This blog will not be adding more posts but will remain open for you to access the information that will remain here.

Tuesday, July 5, 2011

Resilience

by Gavin from The Greening of Gavin.

Being resilient is about being able to withstand a shock to the normal way of life.  Recently there has been a shock in the form of the Global Financial Crisis and the ongoing economic crisis, however I believe that these are tame compared to what is about to come in the next decade.

For me, two big issues come immediately to mind.  Climate Change and Peak Oil.
Me being a concerned citizen at a climate change rally
You have probably heard a lot about the concept of Climate Change, and we are already feeling the effects of extreme weather events all around the world.  Doesn't it seem strange that we are getting more and more '1 in 100 year events' closer together and they are becoming more like 1 in 10 year events?  Not strange, but normal according the climatologists.  Climate change means more extreme weather, not just getting a bit warmer. Of course the climate changes over time and has many times before in Earth's history, but not in a matter of decades as we are now seeing, we are talking hundreds of centuries for these events to occur naturally. You can't take millions of years of trapped sunshine in the form of fossil fuels like coal, natural gas and oil and release it in to the biosphere in the space of fifty years or so without some repercussions.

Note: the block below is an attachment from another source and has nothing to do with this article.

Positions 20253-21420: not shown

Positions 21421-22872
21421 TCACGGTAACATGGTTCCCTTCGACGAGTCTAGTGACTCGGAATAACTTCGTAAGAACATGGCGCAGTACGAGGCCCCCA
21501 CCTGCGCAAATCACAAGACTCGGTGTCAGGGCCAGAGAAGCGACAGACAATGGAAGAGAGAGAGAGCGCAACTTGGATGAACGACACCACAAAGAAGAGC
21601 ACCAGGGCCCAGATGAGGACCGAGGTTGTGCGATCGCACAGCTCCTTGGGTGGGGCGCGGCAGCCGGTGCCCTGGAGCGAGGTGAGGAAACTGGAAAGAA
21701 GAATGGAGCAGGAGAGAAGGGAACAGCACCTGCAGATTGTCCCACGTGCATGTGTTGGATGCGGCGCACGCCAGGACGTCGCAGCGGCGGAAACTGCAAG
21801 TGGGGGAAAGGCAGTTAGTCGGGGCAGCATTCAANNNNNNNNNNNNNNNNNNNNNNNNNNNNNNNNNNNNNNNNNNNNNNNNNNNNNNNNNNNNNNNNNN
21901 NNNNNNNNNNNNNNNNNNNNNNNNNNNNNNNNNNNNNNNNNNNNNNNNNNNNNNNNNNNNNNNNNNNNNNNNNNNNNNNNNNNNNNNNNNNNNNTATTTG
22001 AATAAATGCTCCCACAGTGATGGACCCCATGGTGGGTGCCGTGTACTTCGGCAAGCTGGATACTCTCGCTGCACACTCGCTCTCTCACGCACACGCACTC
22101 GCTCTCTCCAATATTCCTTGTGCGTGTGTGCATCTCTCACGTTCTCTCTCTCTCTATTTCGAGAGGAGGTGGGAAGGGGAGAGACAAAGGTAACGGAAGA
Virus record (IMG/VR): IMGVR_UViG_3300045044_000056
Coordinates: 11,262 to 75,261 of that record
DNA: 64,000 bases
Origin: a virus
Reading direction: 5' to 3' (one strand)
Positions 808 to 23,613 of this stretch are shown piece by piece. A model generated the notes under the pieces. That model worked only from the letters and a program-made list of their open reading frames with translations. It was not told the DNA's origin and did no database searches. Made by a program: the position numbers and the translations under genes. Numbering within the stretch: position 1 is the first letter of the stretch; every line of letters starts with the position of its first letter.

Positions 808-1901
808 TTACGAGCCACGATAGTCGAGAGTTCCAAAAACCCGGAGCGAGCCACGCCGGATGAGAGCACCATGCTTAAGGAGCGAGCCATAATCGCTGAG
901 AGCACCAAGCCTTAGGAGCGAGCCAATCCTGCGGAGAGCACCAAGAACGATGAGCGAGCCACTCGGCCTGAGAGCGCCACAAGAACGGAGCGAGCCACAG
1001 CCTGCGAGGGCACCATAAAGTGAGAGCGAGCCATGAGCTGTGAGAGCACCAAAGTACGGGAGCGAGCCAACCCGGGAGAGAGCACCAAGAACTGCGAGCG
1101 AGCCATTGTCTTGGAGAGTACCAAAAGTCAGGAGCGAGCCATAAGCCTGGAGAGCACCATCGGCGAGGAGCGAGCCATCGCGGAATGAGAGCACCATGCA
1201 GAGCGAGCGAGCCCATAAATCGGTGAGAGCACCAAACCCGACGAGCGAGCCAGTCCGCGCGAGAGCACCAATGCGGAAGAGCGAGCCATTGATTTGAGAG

Attempting to spread the word in our local newspaper about Peak Oil.
This leads me to the other big issue.  Peak Oil is a term that many might not be familiar with. Don’t let that lull you into a false sense of security. There was a time when Climate Change suffered the same lack of media coverage.

Peak Oil is not about “running out of oil” – we'll never run out of oil. There will always be oil left in the ground because either it's too hard to reach or it takes too much energy and cost to extract. Ponder on a fact that the economists conveniently gloss over – regardless of how much money you can make selling oil, once it takes an oil barrel's worth of energy and cost to extract a barrel of oil, the exploration, the drilling and the pumping will grind to a halt.